But, I've gone and repeated myself for the umpteenth time, and I apologize to our listeners. I've said it before, I'll say it again: I take what information the writers have actually given us and base my understanding and enjoyment of the story from that. You spin "what ifs" and "what he was really thinkings" to bridge the problems that I and others have brought up. It just comes down to different ways of experiencing movies and storytelling in general. :cool:

So my question at this point is this: Did any of you see these problems initially and bridge those gaps at that time, the way you are trying to do here? Or have the films flowed seamlessly and utterly airtight from start to finish, and you first heard of viewer discontent after logging on here?

stillakid
01-15-2002, 08:16 PM
My "updater" had me miss a whole bunch of posts before responding to Tycho's last, so if I misquoted or just plain mis-anythinged, I apologize. I promise to review the posts that I didn't see and make amends if necessary. Stay tuned!


Thanks for the discussion! Despite my obstinance, it's refreshing to see different takes on the same material. It just goes to show you that if you want an audience to see your movie in a certain way, you have to be really clear about what ends up on screen.:)

stillakid
01-15-2002, 08:33 PM
Originally posted by Jedi Clint


I don't care how deep Lucas is honestly.
A few questions though......

I take it that you aimed your last post at me (if I am wrong about that, please disregard the following):

Where are my "what if"s?
Where are my "maybe he was thinking"s?
Where are my "how about if he really meant to say"s?

I don't see where I had to reach anywhere near as far as your description of my take on things seems intended to indicate.

-----------------------------------
Anakin's pod racer piloting skills helped the heros of TPM escape Tattooine.

I suppose that Kenobi may have never been aware that Anakin blew up the droid control ship whilst behind the controls of an unfamiliar star fighter, but that is why I included "probably" in that sentence. I think this is the biggest leap of faith I made in the entire post.

Kenobi seemed impressed with Anakin's blood sample analysis.

Kenobi's statement did not indicate when he became aware of Anakin's skills as a pilot, it only indicates that at some point he realized that he was already a great pilot when they first met.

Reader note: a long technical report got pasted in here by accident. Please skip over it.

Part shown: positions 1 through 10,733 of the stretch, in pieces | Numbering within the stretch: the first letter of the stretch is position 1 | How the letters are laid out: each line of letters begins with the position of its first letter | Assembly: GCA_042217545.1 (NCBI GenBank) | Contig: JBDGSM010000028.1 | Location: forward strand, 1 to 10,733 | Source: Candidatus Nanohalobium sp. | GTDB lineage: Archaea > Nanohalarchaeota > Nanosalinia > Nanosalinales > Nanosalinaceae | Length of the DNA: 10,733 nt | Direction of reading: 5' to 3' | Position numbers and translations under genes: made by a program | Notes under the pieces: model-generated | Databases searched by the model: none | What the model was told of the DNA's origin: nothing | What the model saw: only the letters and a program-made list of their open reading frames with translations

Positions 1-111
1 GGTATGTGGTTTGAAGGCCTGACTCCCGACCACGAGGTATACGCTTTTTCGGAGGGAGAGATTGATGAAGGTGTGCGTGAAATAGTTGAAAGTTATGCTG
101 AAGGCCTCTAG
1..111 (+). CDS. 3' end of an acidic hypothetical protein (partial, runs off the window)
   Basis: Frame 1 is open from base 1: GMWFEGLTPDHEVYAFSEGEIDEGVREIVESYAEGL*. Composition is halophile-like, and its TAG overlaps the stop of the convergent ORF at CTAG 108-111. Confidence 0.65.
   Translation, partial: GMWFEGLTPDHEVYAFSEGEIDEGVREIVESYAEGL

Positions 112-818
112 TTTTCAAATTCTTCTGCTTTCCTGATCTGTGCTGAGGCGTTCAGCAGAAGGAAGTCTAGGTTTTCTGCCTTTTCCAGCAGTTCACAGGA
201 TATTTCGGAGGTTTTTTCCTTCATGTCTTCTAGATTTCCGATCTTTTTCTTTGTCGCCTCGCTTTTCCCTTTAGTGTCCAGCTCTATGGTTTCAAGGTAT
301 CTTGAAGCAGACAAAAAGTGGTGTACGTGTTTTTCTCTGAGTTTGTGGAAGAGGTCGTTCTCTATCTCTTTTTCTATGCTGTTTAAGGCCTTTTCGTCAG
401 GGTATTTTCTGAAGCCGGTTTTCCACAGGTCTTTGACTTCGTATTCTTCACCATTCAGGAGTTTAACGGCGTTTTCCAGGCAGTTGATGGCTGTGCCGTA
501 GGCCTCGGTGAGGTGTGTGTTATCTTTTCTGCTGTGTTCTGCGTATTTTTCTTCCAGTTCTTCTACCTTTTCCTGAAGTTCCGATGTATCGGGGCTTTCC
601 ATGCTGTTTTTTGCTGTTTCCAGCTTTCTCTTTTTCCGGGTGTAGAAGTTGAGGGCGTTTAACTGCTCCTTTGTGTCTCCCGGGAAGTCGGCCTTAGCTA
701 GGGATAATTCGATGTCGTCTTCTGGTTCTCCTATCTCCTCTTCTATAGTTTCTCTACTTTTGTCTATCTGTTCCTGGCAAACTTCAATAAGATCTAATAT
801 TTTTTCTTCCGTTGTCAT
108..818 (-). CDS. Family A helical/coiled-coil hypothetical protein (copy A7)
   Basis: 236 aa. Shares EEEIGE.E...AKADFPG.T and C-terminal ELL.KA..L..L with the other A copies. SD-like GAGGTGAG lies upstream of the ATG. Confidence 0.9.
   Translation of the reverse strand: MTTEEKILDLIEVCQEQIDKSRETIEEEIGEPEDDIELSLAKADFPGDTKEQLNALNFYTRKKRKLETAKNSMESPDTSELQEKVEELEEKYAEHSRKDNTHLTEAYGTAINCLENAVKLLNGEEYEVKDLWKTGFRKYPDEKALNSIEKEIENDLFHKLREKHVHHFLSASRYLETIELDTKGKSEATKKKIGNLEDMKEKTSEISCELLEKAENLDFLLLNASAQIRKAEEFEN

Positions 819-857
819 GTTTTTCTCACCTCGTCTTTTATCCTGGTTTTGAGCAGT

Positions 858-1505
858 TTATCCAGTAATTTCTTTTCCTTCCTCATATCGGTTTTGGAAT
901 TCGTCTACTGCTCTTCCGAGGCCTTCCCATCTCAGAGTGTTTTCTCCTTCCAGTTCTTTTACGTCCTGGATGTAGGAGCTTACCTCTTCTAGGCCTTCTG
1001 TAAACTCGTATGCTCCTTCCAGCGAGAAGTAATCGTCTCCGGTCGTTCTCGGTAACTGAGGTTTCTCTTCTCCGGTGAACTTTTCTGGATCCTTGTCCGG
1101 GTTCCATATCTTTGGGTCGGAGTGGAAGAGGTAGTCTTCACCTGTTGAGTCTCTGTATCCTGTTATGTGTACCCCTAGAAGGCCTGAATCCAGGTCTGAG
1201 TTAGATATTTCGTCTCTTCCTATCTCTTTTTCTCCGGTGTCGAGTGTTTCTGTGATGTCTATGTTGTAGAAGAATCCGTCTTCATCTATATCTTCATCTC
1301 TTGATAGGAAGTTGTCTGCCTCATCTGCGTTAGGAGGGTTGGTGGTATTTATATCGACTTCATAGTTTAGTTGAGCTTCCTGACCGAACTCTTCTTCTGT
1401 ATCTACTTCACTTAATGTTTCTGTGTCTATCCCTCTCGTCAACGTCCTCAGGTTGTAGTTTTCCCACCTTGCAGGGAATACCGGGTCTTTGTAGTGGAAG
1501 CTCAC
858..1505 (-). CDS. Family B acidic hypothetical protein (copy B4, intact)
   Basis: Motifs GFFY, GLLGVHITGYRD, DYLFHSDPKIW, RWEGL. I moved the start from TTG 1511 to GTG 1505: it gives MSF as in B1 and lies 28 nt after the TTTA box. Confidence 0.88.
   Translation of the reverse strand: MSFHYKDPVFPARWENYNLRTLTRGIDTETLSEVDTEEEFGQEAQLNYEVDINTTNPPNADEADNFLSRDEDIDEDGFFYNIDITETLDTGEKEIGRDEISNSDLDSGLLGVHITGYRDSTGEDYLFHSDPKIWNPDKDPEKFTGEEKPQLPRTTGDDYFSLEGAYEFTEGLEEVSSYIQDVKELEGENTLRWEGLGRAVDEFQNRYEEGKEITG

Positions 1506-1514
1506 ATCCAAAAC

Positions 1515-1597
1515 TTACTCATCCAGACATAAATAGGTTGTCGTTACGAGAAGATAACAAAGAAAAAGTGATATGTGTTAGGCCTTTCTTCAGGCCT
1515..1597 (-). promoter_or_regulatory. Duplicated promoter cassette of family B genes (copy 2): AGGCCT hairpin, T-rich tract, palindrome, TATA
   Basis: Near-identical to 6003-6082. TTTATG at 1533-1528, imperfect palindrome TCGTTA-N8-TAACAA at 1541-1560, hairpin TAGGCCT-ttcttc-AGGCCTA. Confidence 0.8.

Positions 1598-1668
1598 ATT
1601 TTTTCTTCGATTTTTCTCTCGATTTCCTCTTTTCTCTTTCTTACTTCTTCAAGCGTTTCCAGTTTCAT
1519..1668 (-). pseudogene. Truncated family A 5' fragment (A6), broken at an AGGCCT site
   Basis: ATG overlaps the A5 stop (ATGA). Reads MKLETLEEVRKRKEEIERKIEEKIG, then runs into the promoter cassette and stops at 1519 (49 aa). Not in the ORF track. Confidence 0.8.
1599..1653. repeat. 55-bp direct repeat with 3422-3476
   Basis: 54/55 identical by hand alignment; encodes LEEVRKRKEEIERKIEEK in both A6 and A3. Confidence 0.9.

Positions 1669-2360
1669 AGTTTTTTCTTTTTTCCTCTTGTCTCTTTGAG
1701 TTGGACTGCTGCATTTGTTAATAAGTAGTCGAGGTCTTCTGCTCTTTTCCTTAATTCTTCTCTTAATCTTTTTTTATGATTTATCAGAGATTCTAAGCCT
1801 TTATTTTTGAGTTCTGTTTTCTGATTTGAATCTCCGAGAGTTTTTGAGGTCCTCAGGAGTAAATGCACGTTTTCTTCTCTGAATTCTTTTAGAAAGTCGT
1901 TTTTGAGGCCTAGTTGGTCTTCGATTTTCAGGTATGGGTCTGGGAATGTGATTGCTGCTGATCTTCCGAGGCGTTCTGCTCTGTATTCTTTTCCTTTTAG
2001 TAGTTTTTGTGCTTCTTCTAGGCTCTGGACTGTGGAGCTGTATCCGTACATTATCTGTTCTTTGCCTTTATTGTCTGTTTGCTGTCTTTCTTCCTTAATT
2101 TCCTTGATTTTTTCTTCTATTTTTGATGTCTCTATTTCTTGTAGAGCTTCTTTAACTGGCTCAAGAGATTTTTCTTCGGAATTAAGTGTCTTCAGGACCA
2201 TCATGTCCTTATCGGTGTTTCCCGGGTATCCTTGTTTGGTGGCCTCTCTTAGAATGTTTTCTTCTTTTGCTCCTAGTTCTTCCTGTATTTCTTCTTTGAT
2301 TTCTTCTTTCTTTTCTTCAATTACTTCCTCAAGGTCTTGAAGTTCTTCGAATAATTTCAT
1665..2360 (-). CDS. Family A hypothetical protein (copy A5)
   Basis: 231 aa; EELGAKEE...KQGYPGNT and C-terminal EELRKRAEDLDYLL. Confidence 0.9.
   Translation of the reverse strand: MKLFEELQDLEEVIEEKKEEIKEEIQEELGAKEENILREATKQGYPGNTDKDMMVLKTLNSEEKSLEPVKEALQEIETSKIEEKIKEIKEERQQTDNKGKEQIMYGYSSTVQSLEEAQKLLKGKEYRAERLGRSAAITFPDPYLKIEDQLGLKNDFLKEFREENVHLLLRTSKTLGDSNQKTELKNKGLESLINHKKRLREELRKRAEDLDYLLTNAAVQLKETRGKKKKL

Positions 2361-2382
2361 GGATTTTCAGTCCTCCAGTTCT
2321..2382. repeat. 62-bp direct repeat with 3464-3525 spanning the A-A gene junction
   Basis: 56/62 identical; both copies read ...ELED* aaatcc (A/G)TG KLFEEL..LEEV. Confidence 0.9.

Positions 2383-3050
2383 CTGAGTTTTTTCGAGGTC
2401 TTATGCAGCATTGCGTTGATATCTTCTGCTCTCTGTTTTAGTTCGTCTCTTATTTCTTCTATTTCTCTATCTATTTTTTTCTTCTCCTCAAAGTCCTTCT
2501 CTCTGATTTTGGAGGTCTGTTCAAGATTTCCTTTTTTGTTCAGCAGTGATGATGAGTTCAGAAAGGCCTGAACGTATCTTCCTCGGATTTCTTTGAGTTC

Kenobi lied to Luke during their intial converstation.

Kenobi tapped into Luke's rebellious feelings toward Owen. This is probably the second biggest assumption I made. I just figured that he knew Luke felt obligated to stay and help Owen, so his version of Luke's family history could have been used to prey upon any rebellious feelings that Luke held toward Owen.

Kenobi made no mention of any wrong-doing by Anakin.

Kenobi wanted Luke to come with him to Alderaan.
----------------------------------

Do you disagree. If so, with what part(s) exactly?

I admit that I skipped in my logic a bit to another part of this discussion with reference to Luke and Ben's intial conversation, but I had previously addressed the Yoda training issue. Just to clarify my position on it.......

In AOTC we "may" see Yoda training Jedi who have yet to become Padawans. It was mentioned in the novel for TPM that Yoda trained Kenobi at a young age before he was taken as a Padawan by Qui Gon. It seems that the writer (Lucas) had to work a little to iron out the wrinkle Obi Wan's statement, "....Yoda, the Jedi Master who instructed me." presents to the continuity of the films. I don't think it is a perfect resolution, but I don't think it is terrible either. You may have a differing opinion on how well that issue is being resolved. ;)

None the less, Kenobi's statements - "I thought that I could train him just as well as Yoda. I was wrong." indicates that he feels that Yoda was better at training Jedi than he was. No problem there.

I simply gave my interpretation of the statement in dispute given the current context of the SW saga. Was there a right or wrong way to interpret it? With the quote above, were you trying to devalue my take on the statement while at the same time build up your "that's what was said, so I'll take it at face value" stance? Honestly? I am not upset, just curious. I took the statement at face value as well. And what would holding a poll to see how many users support who's take on this accomplish?

I have revised my statement on the matter to exclude unneccessary info, and address the "as well as Yoda" portion of the phrase in dispute (I also changed "probably" to "may have" ;) )......


When Kenobi first knew Anakin - Anakin's skills at piloting a pod racer was what got them off the dust ball. He may have learned later that he had jumped behind the controls of an unfamiliar space fighter and saved the day. That statement does not indicate when Kenobi discovered what a great pilot Anakin was....it only indicates that at some point he realized that he was already a great pilot when they first met. He knew that Anakin was extremely strong with the force because he analyzed the blood sample (and he did seem pretty amazed with his midi count). Kenobi's statements - "I thought that I could train him just as well as Yoda. I was wrong." indicates that he feels that Yoda was better at training Jedi than he was.


I was doing coverage on a friend's script the other day and there was a problem with one of the main characters. Something that I didn't understand correctly. Essentially, he had intended the character to be assumed to be one thing, but the way I felt it read, she was something completely different.

That led him into a story that he'd heard about a divorce case where the guy lost almost his entire fortune because a comma was in the wrong place. It should have been after a word, but it had erroneously been place before it.